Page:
Carolina Skiff believes Conservation is the Future of Boating, Fishing Fun
By Craig Lamb
Viewing coastal wildlife and catching the bounty of species inhabiting inshore areas is what many Carolina Skiff owners enjoy the most. The folks at Carolina Skiff are doing good deeds to ensure everyone, they included, has those opportunities for generations to come.
A recent good deed was the donation by Carolina Skiff of a model 25DLX-EW with the Gator Door ( dive door ) for use in fisheries and coastal ecosystems research. The 25DLX-EW was provided to researchers at the University of Florida’s UF/IFAS Nature Coast Biological Station. The Nature Coast is a very ecologically diverse region stretching from north of Tampa to the Suwannee River. At least 19 endangered species inhabit the big bend-area of the state.
The mission of the NCBS focuses on research, field-based academic courses, and hands-on training workshops. Teeming with fish and wildlife, the area offers a great opportunity for researchers to work in a real-time laboratory setting.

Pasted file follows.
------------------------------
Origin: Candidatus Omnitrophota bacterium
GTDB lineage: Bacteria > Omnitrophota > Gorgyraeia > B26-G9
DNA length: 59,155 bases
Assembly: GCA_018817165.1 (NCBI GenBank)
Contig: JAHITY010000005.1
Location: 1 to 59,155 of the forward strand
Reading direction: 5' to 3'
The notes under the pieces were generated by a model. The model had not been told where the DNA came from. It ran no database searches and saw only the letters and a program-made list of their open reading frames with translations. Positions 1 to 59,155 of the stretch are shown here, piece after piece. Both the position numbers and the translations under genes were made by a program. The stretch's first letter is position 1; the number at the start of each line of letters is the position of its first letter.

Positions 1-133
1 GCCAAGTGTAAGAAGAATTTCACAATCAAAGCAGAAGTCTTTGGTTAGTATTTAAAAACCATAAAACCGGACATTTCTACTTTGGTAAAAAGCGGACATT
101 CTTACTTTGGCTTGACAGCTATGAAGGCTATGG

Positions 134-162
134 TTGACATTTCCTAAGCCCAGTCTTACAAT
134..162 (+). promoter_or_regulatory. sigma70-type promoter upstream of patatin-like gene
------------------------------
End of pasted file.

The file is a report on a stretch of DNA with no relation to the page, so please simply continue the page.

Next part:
Students and faculty leave the classroom behind to conduct experiments and collect data, then return to home base to analyze the findings and lay groundwork for practices that will save or improve fish and wildlife.
Success stories include the Steinhatchee Fish Management Area. It provides students and faculty that real-time, real-life lab area to explore reef habitats and how those ecosystems support valuable recreational species, including grouper.
The 25DLX-EW will be put to good use around the waters of Cedar Key. That’s the new location for the research station. Rising from what once was a 1950s-era fish camp and motel will be a three-story facility. It will have a wet lab, aquarium and office space. Dorm rooms and meeting space for researchers will occupy the area.
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Original Source: Sportsmans Lifestyle.com